There are several shutter release modes you can select to determine how and when the camera shutter activates to capture the image. If you’re a beginner to the topic, check out our shutter speed guide to find out more.
S (single frame)
The camera takes one image each time the shutter release button is pushed all the way down. Use it when you have plenty of time to compose your image with a subject that is relatively stationary.
CL (low speed burst)
The camera will capture a low-speed burst of images while the shutter release button is continuously held down. Use when your subject moves enough it is difficult to compose the image exactly as you desire. This is a good choice for photographing active children.
CH (high speed burst)
The camera records the maximum frames per second it is capable of while the shutter release button is continuously held down. Use to capture images of active sports or when the subject is very active.
This is also a good choice if the event/scene/action may never happen again, so you’ve got to get an image while it’s happening (you can sort/delete/edit later).
LV (Live view)
What you normally see through the viewfinder is now visible on the LCD monitor on the camera’s back. Use when it’s hard to look through the viewfinder or having a larger image makes it easier to achieve a precise focus. This is a great choice for shooting macro images from a tripod.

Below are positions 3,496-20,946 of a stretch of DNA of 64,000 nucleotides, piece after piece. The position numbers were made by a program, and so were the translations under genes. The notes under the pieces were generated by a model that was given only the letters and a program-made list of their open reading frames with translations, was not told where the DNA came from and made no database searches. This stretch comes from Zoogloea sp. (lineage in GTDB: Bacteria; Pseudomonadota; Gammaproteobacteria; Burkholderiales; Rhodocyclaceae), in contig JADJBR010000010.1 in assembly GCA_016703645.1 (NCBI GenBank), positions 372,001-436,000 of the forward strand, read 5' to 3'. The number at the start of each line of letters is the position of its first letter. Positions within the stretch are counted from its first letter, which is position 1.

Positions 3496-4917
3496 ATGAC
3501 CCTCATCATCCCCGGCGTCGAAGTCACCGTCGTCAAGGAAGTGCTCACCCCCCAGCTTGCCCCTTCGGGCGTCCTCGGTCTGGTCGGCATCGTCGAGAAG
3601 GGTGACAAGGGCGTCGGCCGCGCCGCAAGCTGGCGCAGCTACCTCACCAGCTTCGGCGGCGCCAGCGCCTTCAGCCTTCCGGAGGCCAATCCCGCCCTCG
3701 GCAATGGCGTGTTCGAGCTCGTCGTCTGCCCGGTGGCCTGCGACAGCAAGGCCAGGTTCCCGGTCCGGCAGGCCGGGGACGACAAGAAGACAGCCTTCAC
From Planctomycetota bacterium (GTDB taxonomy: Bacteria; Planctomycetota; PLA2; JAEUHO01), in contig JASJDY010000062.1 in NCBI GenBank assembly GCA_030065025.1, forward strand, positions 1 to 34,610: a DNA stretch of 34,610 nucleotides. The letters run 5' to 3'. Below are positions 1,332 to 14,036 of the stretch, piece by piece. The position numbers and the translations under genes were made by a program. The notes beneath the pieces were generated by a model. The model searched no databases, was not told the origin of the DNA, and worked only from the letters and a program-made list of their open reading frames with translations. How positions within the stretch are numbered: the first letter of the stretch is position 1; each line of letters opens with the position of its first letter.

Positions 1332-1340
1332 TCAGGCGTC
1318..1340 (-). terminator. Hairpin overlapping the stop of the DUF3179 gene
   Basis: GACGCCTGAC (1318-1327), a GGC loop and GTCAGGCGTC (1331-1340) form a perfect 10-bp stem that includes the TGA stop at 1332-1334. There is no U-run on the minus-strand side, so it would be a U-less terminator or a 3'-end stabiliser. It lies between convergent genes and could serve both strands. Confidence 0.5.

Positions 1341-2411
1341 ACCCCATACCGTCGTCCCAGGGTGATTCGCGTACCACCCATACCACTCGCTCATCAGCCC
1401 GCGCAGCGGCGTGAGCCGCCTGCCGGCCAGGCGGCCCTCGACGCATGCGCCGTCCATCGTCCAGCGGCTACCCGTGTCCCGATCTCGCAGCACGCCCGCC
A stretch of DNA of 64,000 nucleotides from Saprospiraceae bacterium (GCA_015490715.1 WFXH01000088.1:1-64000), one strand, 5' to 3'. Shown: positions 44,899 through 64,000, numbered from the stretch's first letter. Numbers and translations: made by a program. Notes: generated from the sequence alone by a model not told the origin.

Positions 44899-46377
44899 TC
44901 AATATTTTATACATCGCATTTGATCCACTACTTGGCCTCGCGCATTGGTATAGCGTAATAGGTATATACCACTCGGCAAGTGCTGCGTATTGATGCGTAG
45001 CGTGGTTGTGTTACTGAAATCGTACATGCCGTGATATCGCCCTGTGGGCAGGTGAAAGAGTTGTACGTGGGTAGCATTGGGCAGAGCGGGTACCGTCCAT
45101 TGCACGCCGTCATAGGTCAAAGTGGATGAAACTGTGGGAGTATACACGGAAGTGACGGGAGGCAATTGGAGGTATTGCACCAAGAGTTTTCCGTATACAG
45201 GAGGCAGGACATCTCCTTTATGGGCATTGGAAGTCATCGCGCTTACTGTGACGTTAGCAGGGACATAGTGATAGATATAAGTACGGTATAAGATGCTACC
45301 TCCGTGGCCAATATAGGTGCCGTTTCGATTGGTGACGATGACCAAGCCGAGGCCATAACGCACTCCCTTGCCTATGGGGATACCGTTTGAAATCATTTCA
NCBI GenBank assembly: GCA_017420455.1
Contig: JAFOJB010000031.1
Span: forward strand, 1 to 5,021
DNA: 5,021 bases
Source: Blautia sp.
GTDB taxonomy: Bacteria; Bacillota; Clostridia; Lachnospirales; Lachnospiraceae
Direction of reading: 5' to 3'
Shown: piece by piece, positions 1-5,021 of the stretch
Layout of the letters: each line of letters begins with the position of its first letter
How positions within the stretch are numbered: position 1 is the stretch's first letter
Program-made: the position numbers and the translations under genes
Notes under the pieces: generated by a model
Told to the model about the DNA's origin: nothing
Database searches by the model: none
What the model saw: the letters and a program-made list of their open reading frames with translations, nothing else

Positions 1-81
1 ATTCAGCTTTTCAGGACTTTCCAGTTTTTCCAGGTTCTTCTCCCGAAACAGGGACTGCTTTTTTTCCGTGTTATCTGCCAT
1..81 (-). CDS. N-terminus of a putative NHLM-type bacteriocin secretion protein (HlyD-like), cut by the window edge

Self Timer Mode
A period of time expires between releasing the shutter release and the shutter tripping. Use it to permit you to join a group photo or to allow the camera to quit vibrating from the mirror slapping into the up position. You can choose how long the timer runs before the shutter snaps.
Mup (Mirror Up)
If the slightest camera movement would destroy a critical focus, choose this mode. Since you require an absolutely still camera, you’ll probably use a cable release (or wireless remote) to trip the shutter release button once, which raises the mirror up.
Trip the cable release again to activate the shutter. Use this mode for time exposures, sunrises, sunsets, or during such poor light the shutter must be open long enough that the tiniest vibration would ruin the focus. This is also a good choice for macro shots from a tripod.